Black Rock Forest is located at the intersection of the Highlands Physiographic Province; (also ...
About the Forest
Black Rock Forest is a living laboratory for field-based research and education, encompassing native terrestrial and aquatic ecosystems that are increasingly rare in the region. The 3,920-acre Forest features dramatic topography, more than 1,000 feet of relief, numerous lakes and streams, and high species and habitat diversity.
In the late 1800s, the Stillman family, drawn by the beauty of the Highlands, began to purchase tracts of mountain land in Cornwall, including homesteaders’ farms that had fallen into disuse. From these lands, Dr. Ernest G. Stillman created Black Rock Forest in 1929, designating it as a resource for forest research and demonstration. Stillman’s forest crew implemented plantings, fertilization trials, and selective logging, and weeded out “undesirable” species. The Forest, much of which had been logged and/or farmed for two centuries, steadily improved in health.
Highland Forests: Pleistocene to Present Day
Nearly 14,000 years ago, Pleistocene glaciers retreated and subsequently, forests began to develop in the Hudson Highlands. Paleoecological research at Black Rock Forest documents the establishment of northern conifers, including spruce and fir, during this time period. The conifers were succeeded by hardwoods, including oak and chestnut, as the climate warmed. Over the past 10,000 years, tree species composition in the Highlands has continued to change in response to short- and long-term variations in climate and human activities. For example, average air temperature in the region increased by about 1 degree Celsius during the 20th century, a change that impacted plants and animals. Droughts and extreme weather events have become more common in recent decades.
Cultural and Land Use History of Black Rock Forest
Native Americans in the Hudson Highlands established settlements, practiced intensive hunting, and used fire as a forest management tool. These activities had significant impact on the landscape, but did not alter it as drastically as European settlement did from the late 1600s through the 1800s. While the least rugged portions of Black Rock Forest were developed into homesteads, farms and orchards, other sites were repeatedly clearcut and some were mined for iron ore. For a detailed account of land use prior to the creation of the Forest preserve, see environmental historian Neil Maher’s research in Land Use History.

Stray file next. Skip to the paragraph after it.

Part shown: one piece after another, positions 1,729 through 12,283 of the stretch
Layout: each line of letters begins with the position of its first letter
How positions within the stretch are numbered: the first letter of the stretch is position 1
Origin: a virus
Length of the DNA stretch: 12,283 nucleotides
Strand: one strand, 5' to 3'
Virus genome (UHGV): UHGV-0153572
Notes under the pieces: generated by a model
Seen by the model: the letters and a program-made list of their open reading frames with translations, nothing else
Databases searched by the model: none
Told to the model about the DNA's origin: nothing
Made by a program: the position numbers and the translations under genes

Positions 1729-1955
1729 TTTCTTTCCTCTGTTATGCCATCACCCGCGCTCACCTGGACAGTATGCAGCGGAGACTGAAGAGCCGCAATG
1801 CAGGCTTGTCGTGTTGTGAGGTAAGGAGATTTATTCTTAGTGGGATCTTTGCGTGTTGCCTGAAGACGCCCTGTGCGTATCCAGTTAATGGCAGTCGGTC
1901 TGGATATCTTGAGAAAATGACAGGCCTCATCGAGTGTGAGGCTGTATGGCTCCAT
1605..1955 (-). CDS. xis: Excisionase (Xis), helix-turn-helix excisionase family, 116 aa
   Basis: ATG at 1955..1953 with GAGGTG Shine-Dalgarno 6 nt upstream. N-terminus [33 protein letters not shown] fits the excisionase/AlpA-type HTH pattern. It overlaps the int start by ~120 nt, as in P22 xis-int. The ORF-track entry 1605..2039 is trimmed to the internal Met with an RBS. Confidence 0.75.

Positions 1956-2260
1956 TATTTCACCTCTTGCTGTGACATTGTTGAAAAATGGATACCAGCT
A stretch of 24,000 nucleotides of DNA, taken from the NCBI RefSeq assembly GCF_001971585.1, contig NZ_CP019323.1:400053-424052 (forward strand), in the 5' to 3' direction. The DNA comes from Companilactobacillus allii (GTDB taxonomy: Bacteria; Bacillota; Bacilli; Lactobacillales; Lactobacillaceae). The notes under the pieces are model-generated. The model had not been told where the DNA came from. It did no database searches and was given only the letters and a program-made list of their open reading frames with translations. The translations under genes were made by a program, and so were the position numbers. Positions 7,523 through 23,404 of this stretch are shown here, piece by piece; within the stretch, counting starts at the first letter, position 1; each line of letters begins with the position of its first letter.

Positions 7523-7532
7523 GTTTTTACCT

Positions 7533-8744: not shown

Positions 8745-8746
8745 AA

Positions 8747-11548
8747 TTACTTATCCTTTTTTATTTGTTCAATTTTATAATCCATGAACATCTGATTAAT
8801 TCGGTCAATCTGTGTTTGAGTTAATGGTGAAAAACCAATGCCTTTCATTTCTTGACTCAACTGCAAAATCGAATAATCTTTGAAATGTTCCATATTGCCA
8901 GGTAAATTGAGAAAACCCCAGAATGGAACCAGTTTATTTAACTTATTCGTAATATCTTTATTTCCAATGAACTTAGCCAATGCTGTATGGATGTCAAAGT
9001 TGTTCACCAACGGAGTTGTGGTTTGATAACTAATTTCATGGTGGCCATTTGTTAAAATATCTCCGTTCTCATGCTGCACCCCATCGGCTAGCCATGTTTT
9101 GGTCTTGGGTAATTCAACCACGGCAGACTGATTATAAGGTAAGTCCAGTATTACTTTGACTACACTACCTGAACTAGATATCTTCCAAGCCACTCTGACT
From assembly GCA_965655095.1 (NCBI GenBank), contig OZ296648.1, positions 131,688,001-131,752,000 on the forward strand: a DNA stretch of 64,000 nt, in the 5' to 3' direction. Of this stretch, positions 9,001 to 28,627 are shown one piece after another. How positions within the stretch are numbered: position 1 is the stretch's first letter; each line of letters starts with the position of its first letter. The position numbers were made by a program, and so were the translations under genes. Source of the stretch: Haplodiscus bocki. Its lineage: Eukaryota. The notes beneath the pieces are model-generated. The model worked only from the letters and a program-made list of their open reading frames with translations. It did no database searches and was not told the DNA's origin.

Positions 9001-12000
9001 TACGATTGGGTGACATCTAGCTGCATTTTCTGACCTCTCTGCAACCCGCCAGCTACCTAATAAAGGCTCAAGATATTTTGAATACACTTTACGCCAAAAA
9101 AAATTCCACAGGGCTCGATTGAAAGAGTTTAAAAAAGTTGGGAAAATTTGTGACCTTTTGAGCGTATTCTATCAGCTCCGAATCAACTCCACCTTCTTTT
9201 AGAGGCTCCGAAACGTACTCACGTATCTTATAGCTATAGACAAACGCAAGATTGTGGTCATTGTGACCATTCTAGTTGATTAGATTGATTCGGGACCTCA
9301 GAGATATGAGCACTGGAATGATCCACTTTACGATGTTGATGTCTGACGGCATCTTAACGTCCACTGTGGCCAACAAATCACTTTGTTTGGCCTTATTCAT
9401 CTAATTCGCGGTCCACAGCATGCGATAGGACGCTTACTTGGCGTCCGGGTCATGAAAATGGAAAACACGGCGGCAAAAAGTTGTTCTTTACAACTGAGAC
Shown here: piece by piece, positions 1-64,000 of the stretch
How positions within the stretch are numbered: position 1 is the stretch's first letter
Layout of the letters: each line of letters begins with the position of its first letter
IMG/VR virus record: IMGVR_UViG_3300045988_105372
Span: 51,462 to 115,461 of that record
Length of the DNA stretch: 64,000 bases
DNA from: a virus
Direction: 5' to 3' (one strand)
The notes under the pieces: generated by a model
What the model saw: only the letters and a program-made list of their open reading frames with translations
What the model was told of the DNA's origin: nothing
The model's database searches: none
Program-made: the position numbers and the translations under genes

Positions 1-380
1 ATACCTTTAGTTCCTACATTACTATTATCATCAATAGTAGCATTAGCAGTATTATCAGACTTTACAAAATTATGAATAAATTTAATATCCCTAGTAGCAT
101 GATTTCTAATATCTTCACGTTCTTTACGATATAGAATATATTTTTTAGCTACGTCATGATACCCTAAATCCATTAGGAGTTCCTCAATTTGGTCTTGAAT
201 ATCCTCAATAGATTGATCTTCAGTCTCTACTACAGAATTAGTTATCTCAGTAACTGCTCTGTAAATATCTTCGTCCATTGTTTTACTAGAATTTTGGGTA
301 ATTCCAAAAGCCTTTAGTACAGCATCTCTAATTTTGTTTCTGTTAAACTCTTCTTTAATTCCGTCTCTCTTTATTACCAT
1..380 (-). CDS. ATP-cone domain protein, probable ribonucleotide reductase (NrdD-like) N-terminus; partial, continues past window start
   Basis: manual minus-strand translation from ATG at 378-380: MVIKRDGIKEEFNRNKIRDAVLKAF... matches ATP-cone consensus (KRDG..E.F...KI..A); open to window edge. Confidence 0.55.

Maenza-Gmelch, T.E. 1997. “Holocene vegetation, climate, and fire history of the Hudson Highlands, southeastern New York, USA.” The Holocene 7(1): 25-37. Maher, N. 1999. “’A very pleasant place to build a towne on:’ an environmental history of land preservation in New York’s Hudson Highlands.” Hudson Valley Regional Review 16(2):21-39. Raup, H.M. 1938. “Botanical studies in the Black Rock Forest,” Black Rock Forest Bulletin No. 7. Cornwall Press, Cornwall, NY. 161 p. Schuster, W.S.F. 2011. “Forest Ecology,” Chapter 7 in The Highlands: Critical Resources,Treasured Landscapes, R.G. Lathrop, Jr. Ed., Rutgers University Press, New Brunswick, NJ, p. 132-157. Trow, G.W.S. 2004. The Harvard Black Rock Forest. University of Iowa Press, Iowa City, Iowa. Tryon, H.H. 1930. “The Black Rock Forest,” Black Rock Forest Bulletin No. 1. Cornwall Press, Cornwall, NY. 42 p.